Dr. Donald L. Dahlsten, University of California at Berkeley, Center for Biological Control
© The Regents of the University of California, (1996)
(for an economic analysis of this project, click here)
The blue gum psyllid, Ctenarytaina eucalypti, was first discovered in Monterey County, California in January 1991. Since the original find the psyllid has spread in a very short time throughout the California coastal area and into the central valley.
Fig. 1. Blue gum psyllid adult and large nymph with honeydew (photo by Jack Kelly Clark).
The blue gum psyllid is native to Australia, where it feeds on blue gum, Eucalyptus globulus, and other Eucalyptus species that have waxy blue juvenile foliage.
Eucalyptus pulverulenta, a suitable host for the blue gum psyllid, has been planted in plantations along the coastal counties of California. Foliage from this Eucalyptus is used by the floral industry in flower arrangements. Growers used large amounts of pesticides to control the psyllid in these plantations during the two to three years after the psyllid became established.
Description of Pest and Damage
The blue gum psyllid has 4 or more generations per year, depending on climate and plant suitability. The adult
(Fig. 1) is gray with orange bands on the abdomen; it is an active flyer. There are five instars, each with different
patterns of orange and brown to gray markings.
Fig. 2. Blue gum psyllid nymphs and honeydew (photo by Jack Kelly Clark).
Fig. 3. P. pilosis ovipositing in a psyllid nymph (photo by Jack Kelly Clark).
Clusters of yellow eggs are deposited at the base of the terminal leaves and axial buds. The nymphs settle and feed on the leaf or stem near where the eggs were deposited. The nymphs (Fig. 2) secrete wax-coated honeydew spheres as well as copious amounts of waxy filament, which can conceal them from view.
High numbers of psyllids and/or sooty mold growing on the honeydew detracts from the aesthetic appeal of the foliage in floral arrangements. Feeding by psyllids also causes acute damage, such as inhibition of new shoot formation and distortion in the shape of new leaves.
A search for natural enemies of the psyllid was conducted in Australia and New Zealand in 1991-1992. A tiny wasp, Psyllaephagus pilosus, was found to be an effective natural enemy of the psyllid in these countries. The adult wasps (Fig. 3)are small (1 mm), and black with a hint of green iridescence.
The female wasp deposits a single egg inside a late-instar psyllid nymph. After about three weeks of development is complete, a new adult chews a round hole in the dorsum of the psyllid mummy (Fig. 4) and emerges. The female also host-feeds on the body fluids which exude from holes she makes in young psyllid nymphs with her ovipositor.
Fig. 4. Emergence hole in psyllid nymph (photo by Jack Kelly Clark).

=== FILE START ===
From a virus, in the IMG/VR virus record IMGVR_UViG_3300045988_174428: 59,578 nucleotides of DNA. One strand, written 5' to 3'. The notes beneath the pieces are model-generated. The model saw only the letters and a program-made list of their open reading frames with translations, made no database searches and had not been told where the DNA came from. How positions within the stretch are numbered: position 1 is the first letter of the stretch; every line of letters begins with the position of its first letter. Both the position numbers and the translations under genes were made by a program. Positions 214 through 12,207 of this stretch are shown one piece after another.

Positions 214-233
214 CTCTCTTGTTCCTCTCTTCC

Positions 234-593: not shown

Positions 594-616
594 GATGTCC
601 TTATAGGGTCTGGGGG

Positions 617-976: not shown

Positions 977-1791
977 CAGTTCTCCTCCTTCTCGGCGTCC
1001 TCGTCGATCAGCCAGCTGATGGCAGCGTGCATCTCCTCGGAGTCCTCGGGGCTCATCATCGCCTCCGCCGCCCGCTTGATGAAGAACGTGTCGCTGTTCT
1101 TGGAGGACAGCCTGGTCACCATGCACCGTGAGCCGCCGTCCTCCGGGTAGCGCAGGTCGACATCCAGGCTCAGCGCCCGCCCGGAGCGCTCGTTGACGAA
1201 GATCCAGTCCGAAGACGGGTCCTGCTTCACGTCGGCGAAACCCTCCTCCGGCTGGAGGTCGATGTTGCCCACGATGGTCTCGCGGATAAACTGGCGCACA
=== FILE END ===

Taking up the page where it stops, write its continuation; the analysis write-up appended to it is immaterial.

These parasitoids were reared at our facilities in winter/spring 1992-1993 and a total of more than 6400 were released at 8 sites in the counties of San Diego, San Luis Obispo, Monterey, Alameda, and Sonoma. By the end of 1993 the parasitoid was established at all release sites; at several sites parasitization rates of more than 50% were recorded. By mid-1994 we recorded a natural spread of the parasitoid of 11 miles from the first release site in Monterey.
During the period from 1991 to 1995 we measured psyllid and parasitoid levels by sampling foliage of both E. globulus and E. pulverulenta, and developed an inexpensive monitoring system using yellow sticky traps to capture adult psyllids and parasitoids. The sticky trap system proved a simple method of reliably measuring population levels of both insects on foliage.
During the 1994 and 1995 growing seasons the numbers of psyllids caught in traps fell to well below levels that were previously seen only after spraying of pesticides. Psyllids did not cause significant economic damage in most areas, so most growers have suspended use of pesticides and are now relying on the parasitoids to control the psyllid. The cost savings to growers from this successful biological control program has been immense (see our economic analysis).
Donald L. Dahlsten, David L. Rowney, Richard L. Tassan, William A. Copper, Center for Biological Control, U. C. Berkeley
William E. Chaney, University of California Cooperative Extension, Monterey County.
Karen L. Robb, University of California Cooperative Extension, San Diego County
Steven Tjosvold, University of California Cooperative Extension, Santa Cruz County.
Mary Bianchi, University of California Cooperative Extension, San Luis Obispo County
and Priscilla Lane, Sonoma County Department of Agriculture
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